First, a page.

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‘They don’t wake up with sore knees every morning like I do’ – Malinga

Lasith Malinga


February 10, 2011

In an exclusive interview with Island Cricket, Lasith Malinga explains why he may not play another Test match for Sri Lanka again.

Lasith Malinga
AFP PHOTO/Lakruwan WANNIARACHCHI

Why are you unable to play Test cricket but not ODIs and Twenty20s?

I missed the last Test series against West Indies because the team management decided not to risk aggravating my knee problems before the World Cup.

Test cricket or 3 – 4 day cricket places a much bigger strain on my knees because I have to be able to bowl a minimum of 15-20 overs in a day, on consecutive days. And in Test cricket, these days, you also have to play back to back games.

When I returned from injury, I started with T20 cricket and then moved to ODI cricket, which gave me some recovery time to get over the soreness.

Test cricket is far tougher physically and these days there are a lot more Test matches than there were before.

How well did your knee hold up when you last played a Test match?

It took me about two months to physically recover and completely get over the soreness, after the India series.

You have stated that you will be assessing your Test career after the World Cup.

Yes, I need to carefully consider what is best for me and Sri Lanka. I love Test cricket. And we have some great series coming up against England, Australia and South Africa. But recent tests in November showed that there is a lot of wear and tear under my right knee cap and some thinning of the cartilage.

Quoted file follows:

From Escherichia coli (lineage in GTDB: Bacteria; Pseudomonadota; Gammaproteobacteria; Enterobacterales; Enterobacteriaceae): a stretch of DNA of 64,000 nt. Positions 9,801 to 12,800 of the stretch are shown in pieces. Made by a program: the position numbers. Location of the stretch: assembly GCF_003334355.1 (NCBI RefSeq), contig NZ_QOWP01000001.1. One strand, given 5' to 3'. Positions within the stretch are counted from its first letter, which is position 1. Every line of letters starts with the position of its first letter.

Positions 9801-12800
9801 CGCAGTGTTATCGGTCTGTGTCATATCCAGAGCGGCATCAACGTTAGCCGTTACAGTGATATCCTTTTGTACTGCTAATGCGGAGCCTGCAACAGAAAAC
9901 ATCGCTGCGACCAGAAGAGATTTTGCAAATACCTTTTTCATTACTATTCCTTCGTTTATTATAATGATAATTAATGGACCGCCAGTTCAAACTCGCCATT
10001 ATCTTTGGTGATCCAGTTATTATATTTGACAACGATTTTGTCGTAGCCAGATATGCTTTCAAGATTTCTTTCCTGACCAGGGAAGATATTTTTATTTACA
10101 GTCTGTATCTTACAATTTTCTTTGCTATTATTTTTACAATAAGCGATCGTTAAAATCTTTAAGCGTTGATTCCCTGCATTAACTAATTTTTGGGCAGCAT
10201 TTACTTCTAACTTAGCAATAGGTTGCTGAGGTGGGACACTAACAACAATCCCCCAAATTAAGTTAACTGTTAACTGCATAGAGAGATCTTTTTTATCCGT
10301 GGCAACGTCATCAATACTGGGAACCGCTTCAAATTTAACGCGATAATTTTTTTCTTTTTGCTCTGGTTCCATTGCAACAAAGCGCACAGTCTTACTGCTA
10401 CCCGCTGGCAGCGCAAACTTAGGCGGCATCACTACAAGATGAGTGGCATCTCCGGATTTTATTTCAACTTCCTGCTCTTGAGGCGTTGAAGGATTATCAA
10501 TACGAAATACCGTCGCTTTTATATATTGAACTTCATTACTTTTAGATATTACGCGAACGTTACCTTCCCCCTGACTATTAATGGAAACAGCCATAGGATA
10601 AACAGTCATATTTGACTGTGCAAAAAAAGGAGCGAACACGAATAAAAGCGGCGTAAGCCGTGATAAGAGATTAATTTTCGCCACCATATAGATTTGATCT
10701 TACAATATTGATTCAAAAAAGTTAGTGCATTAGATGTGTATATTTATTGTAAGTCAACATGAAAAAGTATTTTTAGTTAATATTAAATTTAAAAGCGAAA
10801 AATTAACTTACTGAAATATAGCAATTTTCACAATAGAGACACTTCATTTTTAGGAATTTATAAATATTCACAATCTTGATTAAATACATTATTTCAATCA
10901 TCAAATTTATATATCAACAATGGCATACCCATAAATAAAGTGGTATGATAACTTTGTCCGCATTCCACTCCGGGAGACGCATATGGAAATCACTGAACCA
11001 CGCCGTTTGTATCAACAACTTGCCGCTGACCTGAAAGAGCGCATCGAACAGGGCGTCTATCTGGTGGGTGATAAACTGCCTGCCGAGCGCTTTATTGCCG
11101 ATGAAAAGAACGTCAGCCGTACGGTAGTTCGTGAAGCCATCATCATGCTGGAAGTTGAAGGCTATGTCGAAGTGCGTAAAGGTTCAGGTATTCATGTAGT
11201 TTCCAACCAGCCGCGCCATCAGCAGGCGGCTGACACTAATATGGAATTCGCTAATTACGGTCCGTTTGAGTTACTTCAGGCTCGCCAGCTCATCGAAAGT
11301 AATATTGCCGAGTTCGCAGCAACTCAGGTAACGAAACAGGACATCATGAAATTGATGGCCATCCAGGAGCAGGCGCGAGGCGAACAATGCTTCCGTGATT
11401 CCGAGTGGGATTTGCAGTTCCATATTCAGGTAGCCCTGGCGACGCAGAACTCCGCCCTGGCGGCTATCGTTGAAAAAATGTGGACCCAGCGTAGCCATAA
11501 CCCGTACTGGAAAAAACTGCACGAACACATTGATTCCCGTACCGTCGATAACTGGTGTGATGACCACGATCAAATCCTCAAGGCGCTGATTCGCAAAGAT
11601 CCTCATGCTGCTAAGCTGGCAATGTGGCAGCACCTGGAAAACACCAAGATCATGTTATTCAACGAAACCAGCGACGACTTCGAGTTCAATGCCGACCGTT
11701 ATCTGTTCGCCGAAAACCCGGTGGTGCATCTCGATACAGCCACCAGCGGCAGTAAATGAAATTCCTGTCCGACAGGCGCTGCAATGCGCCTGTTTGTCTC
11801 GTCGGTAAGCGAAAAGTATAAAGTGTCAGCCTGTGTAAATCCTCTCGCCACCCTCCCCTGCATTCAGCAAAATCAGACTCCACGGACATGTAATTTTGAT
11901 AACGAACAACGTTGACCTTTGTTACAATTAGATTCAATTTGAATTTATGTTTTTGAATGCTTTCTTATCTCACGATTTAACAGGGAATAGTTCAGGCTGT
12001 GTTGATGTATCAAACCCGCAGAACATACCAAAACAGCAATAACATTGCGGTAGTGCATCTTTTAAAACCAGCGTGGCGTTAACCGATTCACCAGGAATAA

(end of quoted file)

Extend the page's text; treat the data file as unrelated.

The doctors have said that I will always have sore knees and the more cricket I play the more they will degenerate. So, I need to sit with the selectors and team management to work out how best to plan my career – do I risk playing all three formats right now, or do we try and extend my career a couple of years by playing just ODI’s and T20 games.

What would you like to say to those who don’t agree with your move? Some feel Test cricket should be given more prominence than Twenty20s and ODIs.

They don’t wake up with sore knees every morning like I do and they did not spend over a year worrying whether I would ever be able to bowl again!

It is not a question of whether Test cricket is more or less important. It is a question of what is physically possible and what the team feels is the most sensible thing to do.

Sri Lanka has a busy Test schedule this year; is it safe to say that you won’t be a part of it?

I don’t know. Let’s see how the World Cup goes and then I will sit down with the captain, new coach and selectors.

© Island Cricket.

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